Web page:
Just wondering...[edit]

what will happen when your high level character has less then 3 attributes to spend points on? So your strength, speed, endurance, agility, personality and intelligence are all at 100, your willpower is at 96 and luck at 92. At the next level up you could still spend points on willpower and luck, but since the game wont let you close the window unless you spend all 3 points you could never close the window and therefor never rest again? 06:31, 28 January 2008 (EST)

I've never got to that situation, but I understand from others that if you only have two attributes you can increase, you are only given two 'points' to allocate. --Gaebrial 07:46, 28 January 2008 (EST)
I can confirm that for the patched PC version that if you only have two attributes that you can increase, then you'll only be given two 'points' to allocate. Similiarly if you only have one final attribute to increase, most likely 'luck', then you are only give one 'point' to allocate. I doubt I'll be able to max out my levels / luck so not concrete positive what happens when you have no attributes to increase, but I'd hazard the guess that you just see the level up window with no points to allocate but you can still click the OK button to continue. Happy leveling. Rob-nick 06:26, 5 April 2010 (UTC)


Well, I thought I was fixing a confusing sentence, but my fix got moderated out.

The phrase was explaining that for efficient leveling, you should split your 10 skill increases between three different attributes, so you get the highest possible increase.

Therefore, you should split your 10 increases between three of the attributes, so each gets the highest possible multiplier.

The existing phrase for efficient levelling says to have three attributes with 10 points in "each" (a total of thirty points which is impossible, since you only have 10). It should say 10 points "between them", indicating that the 10 skills you increase should only be increasing no more than three different attributes (or two if you want to add to Luck) so the highest possible points can be awarded for each of those three attributes.

Addendum: The highest attribute increase (assuming 10 skill points were increased) is by adding eight skill points for one attribute and one skill point each for two more attributes. This allows you to add four points to one attribute, and two points each to the other two attributes, for a total attribute increase of eight points. Brf

I can see the confusion, but the segment in question was talking about maximizing multipliers. Yes, ten increases in your Major and Minor skills result in a level-up. However, you can gain additional attribute multipliers by utilizing Misc. skills, thus having ten increases in each attribute you want to level up. I changed the headline to be clearer now. Hope that helps, BenouldTC 15:24, 17 April 2008 (EDT)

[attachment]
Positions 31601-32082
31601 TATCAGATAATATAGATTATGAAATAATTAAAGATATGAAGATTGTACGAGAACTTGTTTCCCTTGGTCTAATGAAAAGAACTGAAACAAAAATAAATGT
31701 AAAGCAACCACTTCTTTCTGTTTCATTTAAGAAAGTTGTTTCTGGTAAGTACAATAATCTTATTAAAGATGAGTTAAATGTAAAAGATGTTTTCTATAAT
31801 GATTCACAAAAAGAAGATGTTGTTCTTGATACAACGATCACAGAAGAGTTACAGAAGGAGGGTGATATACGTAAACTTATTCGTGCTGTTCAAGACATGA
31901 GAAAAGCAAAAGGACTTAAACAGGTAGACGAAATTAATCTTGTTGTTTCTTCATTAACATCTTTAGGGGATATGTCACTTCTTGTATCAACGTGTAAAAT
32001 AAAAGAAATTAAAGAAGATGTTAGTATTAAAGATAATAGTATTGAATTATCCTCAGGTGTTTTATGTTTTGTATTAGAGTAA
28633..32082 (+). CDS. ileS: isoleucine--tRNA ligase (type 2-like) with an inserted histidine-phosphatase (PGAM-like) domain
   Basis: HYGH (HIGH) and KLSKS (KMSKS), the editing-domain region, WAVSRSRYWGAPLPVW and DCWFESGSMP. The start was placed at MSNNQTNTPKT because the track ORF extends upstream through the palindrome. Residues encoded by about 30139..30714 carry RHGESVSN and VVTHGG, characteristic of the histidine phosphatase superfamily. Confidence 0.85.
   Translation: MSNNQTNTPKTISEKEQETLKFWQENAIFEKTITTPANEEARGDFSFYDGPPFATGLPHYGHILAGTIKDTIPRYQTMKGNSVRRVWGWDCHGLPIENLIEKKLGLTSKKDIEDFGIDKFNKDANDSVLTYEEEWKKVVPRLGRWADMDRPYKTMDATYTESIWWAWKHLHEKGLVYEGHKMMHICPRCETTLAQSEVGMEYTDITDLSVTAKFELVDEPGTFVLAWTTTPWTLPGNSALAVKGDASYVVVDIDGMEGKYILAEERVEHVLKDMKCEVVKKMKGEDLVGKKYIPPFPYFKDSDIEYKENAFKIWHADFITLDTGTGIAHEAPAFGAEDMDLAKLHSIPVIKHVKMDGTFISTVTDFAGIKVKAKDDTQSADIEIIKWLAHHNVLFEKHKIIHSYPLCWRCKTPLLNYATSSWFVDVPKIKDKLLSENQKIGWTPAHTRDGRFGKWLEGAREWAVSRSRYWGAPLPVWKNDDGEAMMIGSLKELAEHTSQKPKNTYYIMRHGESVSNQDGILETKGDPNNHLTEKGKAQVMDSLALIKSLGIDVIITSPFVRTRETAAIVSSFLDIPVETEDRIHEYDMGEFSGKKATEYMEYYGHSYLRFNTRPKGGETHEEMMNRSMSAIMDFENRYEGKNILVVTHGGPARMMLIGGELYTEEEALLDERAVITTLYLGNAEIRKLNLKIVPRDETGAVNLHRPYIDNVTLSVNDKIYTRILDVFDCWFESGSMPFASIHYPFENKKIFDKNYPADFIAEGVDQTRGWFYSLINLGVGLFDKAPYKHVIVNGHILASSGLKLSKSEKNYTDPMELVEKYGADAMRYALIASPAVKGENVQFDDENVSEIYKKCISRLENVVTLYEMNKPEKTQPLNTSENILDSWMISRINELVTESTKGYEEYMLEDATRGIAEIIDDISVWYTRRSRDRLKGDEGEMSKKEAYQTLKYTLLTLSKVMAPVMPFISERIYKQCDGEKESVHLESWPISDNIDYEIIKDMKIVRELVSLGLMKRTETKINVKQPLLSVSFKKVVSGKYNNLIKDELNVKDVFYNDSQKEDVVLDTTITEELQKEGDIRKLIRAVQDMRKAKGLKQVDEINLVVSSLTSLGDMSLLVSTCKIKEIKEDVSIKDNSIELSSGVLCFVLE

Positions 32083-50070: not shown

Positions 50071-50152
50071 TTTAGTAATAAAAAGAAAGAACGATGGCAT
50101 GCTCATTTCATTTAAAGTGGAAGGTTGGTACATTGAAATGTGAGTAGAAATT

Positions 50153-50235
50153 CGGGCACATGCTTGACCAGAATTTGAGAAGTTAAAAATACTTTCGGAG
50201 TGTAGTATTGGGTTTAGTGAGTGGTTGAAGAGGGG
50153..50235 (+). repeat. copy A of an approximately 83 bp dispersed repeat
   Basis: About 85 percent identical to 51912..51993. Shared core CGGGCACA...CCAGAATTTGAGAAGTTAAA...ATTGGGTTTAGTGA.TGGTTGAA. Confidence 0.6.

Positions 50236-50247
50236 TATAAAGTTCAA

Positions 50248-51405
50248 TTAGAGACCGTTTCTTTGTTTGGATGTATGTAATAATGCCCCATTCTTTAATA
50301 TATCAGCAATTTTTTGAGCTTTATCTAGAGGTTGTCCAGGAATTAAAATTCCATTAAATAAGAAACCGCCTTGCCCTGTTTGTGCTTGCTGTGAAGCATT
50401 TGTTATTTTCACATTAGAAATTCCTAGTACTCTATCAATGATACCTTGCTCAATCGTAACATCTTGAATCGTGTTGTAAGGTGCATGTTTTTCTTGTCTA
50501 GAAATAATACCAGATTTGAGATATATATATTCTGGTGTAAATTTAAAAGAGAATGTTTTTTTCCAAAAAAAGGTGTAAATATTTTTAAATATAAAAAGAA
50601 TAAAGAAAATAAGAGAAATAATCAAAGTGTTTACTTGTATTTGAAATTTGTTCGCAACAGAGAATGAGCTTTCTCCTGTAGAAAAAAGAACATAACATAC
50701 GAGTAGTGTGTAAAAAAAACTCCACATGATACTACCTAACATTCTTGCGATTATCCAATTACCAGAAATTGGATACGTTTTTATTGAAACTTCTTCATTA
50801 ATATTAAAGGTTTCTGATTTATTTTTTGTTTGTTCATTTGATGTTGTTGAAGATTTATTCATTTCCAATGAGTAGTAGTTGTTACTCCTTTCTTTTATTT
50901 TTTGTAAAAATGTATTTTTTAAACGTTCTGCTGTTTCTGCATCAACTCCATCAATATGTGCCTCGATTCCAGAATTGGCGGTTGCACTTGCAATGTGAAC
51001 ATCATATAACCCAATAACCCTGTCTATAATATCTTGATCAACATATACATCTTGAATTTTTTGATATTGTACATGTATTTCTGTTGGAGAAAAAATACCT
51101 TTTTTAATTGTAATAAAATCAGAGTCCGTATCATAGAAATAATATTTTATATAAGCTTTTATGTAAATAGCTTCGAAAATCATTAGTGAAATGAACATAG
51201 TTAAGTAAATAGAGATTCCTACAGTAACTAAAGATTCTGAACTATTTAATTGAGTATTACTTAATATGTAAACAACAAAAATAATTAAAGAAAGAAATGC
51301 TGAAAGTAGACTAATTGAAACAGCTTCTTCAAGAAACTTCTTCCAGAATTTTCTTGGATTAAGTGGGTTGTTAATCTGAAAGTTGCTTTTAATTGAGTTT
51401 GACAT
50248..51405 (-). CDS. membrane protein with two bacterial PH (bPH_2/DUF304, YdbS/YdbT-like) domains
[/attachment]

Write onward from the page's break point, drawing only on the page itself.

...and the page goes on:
Oh. Do you get attribute increases for Other Skills too? I was not aware of that. I was thinking only the Major and Minors counted. Brf

Only Majors and Minors count for actually leveling, but all skills count for attribute multipliers when you do level. --TheRealLurlock Talk 17:30, 17 April 2008 (EDT)

I just tried this, and it does NOT work. I was at 20/10 for my leveling skills, so I ran to the Blunt Weapon trainer (which is a misc skill for me) and trained 10 levels. I was expected x5 for Strength and but had no multiplier there when I levelled. Then, I trained 20 more Blunt points and when I levelled, I had no multipliers at all. — Unsigned comment by (talk)

Major/minor/misc. skill increases ALL count towards multipliers.
Skills governed by the same attribute "stack" for multiplier purposes. (eg. An increase of 2 in Acrobatics and 4 in Longblade will count as an increase of 6 in Strength)
You earn a level when you get a total of ten skill points in your "class skills". Every skill has an attribute associated with it, you can see them on the stat menu popups. Each class skill that you earn delivers a point for its attribute, and each misc skill delivers up to four points adds to it as well. These points translate into the score multipliers by the following table:

1-4 skill increases will give a multiplier of x2 for the governing attribute at the next level up.

5-7 = x3

8-9 = x4

10(or more) = x5

Say you want to level STR, and have a major skill in Long Blade and a minor in Armorer. You had 2 skill-ups in in each for a total of 4. That leaves 6 point to be gained in misc, let's say 5 in in Blunt and 2 in Axe. Blunt then caps at 4, 2 Axe added to the 4 from before. Presto, 10 points total in STR and a multi-plier of 5.
Skill increases, for multiplier purposes, reset to 0 on every "level up".
Bug, in some versions:
If the next multiplier would take you to 100, you can only reach 99. resetting the multipliers completely. Hope this helps, --BenouldTC 21:32, 17 April 2008 (EDT)--Edited, no cap on how much Misc Skills can add to multiplier. We debunked an old myth here ;)--BenouldTC 15:51, 15 July 2008 (EDT)